Tel Aviv’s “Fast Lane” For Traffic Safety and the Environment

Commuters will ride for free. But will the toll-run “fast lane” help solve Tel Aviv’s increasing traffic nightmare?

Looking for a faster way to get to Tel Aviv from Jerusalem every day? Instead of being stuck in the daily traffic jam, a daily routine for drivers coming from both Israel’s capital and the bedroom communities of Modiin and Beit Shemesh, why not try the fast lane?

It’s now possible to take the new “fast lane” which will enable those traveling on it to reach the main traffic artery of Tel Aviv, the Ayalon Freeway, in only 11 minutes instead of commuter times of up to two hours. The new 13 km stretch will actually be a toll road to cars with less than 4 passengers. Busses and cars with at least four passengers will get to use it for free.

According to estimates in the Marker, between 1,600 to 2,000 cars an hour are forecast to use the lane during busy times. The toll is expected to be between NIS 17 and NIS 20 during rush hour. When the measured speed will drop to below 70p km per hour, the toll cost will increase, due to more cars using the lane. How will this impact the environment?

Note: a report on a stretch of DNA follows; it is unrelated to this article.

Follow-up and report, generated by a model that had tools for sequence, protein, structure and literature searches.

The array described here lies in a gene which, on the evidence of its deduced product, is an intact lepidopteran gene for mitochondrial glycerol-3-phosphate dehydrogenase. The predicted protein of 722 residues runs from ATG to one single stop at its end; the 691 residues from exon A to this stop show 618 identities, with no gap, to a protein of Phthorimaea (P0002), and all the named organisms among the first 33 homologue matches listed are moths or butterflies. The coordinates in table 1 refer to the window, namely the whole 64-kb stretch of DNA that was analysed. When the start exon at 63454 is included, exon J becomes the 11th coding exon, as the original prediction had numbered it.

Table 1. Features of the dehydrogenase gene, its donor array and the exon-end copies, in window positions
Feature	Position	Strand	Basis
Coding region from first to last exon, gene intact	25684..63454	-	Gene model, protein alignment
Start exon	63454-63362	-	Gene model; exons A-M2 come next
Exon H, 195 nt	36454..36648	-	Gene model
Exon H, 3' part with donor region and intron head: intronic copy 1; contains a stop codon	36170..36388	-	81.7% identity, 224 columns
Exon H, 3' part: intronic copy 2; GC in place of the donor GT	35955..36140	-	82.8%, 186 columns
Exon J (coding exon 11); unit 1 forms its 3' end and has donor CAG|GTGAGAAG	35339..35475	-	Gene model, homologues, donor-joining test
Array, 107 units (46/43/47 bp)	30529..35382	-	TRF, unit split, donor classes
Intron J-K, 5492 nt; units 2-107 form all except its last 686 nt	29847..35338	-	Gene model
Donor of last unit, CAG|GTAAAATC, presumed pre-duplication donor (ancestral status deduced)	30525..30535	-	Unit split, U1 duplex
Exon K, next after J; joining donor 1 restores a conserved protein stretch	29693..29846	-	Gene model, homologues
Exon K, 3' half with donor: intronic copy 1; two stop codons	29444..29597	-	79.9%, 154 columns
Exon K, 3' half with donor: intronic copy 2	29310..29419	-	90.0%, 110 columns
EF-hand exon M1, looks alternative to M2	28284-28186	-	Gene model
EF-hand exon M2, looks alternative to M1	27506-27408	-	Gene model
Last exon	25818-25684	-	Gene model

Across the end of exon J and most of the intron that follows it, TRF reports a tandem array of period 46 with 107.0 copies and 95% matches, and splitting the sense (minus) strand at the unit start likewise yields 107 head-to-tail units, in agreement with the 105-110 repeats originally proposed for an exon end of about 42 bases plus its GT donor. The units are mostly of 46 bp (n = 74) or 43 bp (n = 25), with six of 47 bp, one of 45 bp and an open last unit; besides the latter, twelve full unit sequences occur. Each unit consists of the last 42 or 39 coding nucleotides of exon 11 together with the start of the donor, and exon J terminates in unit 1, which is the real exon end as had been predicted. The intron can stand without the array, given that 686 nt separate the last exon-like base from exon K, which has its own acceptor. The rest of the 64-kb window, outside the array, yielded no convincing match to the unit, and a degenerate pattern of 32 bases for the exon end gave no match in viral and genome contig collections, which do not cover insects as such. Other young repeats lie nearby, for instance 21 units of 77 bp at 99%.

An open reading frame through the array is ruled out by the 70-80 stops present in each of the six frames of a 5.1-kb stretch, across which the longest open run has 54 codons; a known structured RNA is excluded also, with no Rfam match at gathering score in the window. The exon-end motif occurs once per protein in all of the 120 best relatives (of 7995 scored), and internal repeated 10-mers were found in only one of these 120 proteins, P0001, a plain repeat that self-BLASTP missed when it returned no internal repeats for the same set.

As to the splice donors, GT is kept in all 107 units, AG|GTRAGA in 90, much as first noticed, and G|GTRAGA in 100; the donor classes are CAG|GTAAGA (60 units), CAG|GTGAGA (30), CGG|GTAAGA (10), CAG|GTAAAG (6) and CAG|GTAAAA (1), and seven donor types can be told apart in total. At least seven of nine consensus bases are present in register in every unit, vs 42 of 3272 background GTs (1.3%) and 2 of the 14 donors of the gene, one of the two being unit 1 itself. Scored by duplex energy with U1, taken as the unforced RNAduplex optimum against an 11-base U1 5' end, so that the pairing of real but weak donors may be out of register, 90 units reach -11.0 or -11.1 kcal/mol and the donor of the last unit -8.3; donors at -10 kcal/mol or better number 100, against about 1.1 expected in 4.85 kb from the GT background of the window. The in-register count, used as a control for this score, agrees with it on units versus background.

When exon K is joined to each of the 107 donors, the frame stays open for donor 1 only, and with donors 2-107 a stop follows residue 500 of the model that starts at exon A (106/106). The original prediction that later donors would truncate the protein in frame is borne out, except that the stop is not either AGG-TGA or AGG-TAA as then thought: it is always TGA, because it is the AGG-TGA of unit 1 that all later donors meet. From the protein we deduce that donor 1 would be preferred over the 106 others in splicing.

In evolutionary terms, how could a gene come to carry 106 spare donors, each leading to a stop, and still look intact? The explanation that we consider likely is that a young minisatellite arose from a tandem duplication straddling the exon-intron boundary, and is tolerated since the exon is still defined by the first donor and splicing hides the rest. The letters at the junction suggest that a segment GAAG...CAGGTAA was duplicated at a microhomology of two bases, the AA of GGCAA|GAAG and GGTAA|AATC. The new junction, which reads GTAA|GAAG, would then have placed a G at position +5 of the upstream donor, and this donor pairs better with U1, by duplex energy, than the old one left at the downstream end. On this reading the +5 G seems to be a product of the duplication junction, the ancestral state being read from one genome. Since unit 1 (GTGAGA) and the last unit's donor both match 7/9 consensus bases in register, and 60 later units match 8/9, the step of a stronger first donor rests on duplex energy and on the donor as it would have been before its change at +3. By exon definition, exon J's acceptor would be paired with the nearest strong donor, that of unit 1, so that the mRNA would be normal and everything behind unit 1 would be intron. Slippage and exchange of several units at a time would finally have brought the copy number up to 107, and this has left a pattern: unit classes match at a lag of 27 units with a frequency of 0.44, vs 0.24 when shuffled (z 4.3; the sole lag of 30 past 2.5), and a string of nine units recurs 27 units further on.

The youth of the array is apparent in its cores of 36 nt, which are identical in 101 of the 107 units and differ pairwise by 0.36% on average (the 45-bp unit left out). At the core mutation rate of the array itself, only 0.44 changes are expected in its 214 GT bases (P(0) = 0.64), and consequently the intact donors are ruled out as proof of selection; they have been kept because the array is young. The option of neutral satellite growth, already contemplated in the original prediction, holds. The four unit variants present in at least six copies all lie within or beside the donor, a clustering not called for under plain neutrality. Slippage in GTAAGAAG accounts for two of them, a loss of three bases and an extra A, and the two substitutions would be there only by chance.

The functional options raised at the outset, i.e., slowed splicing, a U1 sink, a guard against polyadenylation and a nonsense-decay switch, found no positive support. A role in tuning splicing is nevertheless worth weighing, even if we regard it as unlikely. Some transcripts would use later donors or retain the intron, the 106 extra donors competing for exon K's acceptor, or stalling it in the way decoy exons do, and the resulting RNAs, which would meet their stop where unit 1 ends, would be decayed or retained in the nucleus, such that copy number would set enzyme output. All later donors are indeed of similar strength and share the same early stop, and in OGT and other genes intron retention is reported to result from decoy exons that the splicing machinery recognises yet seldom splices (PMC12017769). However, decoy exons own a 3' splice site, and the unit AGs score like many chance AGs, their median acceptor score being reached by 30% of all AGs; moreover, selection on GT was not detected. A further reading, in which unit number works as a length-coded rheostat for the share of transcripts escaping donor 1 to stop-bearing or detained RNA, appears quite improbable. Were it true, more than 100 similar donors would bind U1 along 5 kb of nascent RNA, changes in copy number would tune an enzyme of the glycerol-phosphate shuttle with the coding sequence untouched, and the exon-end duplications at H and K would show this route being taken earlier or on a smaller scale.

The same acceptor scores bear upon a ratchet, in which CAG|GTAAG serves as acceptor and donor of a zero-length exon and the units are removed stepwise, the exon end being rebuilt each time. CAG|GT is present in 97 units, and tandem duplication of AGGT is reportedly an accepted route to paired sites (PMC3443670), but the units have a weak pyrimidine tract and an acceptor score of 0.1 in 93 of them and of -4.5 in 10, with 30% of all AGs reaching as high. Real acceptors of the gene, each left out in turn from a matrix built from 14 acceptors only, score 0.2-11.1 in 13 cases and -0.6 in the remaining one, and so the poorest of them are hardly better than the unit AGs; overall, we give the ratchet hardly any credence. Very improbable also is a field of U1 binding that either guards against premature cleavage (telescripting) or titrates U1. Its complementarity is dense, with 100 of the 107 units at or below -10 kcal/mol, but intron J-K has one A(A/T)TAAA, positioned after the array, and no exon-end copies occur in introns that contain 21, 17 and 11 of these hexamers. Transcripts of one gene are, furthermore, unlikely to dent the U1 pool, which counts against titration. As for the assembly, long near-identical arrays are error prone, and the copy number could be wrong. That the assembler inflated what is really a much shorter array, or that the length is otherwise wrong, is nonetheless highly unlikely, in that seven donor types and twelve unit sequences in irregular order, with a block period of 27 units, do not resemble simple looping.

The “fast lane”

The whole idea of this new lane is to reduce traffic flow into Israel’s largest city,while at the same time making it more convenient to get into the city that never sleeps.

Commuters will have to option to park their cars in parking lots at the beginning of the new lane and from there take special free commuter shuttle buses into the city.

The idea is to save both on the amount of cars going into Tel Aviv daily on Highway One, as well as reduce the amount of fuel used and be less polluting to the environment.

Special lanes to reduce traffic flow into Tel Aviv is not new, and numerous plans have been in the works, including a plan already in effect to ban trucks coming into Tel Aviv between the hours of 6 and 9 a.m.

Another plan, involving the construction of a light rail line, similar to the one now being built in Jerusalem, has been in the planning stage for years, and involves a number of proposed rail lines going into and through the city.

But perhaps an even idea better idea for reducing the amount of air pollution on the roads going into Tel Aviv could be the use of electric powered vehicles and other less polluting types of cars. The year 2011 is supposed to see the beginning of electric cars being driven on the roads in Israel, thanks to the efforts being made by Shai Agassi’s Better Place company.

Taking this in mind, maybe building a special lane for the exclusive use of electric powered vehicles might be an even better idea than the new fast lane entering Tel Aviv from Highway One. Or rent a van (van locator online) so you can commute in bulk with all your pals.

Read more on traffic:

Will the Tel Aviv Light Rail Line Ever Happen? Do We Want it to?

Tel Aviv Will Ban Trucks during Morning hours to Reduce Congestion

How do You Stop Traffic Congestion in Cairo? With helicopters!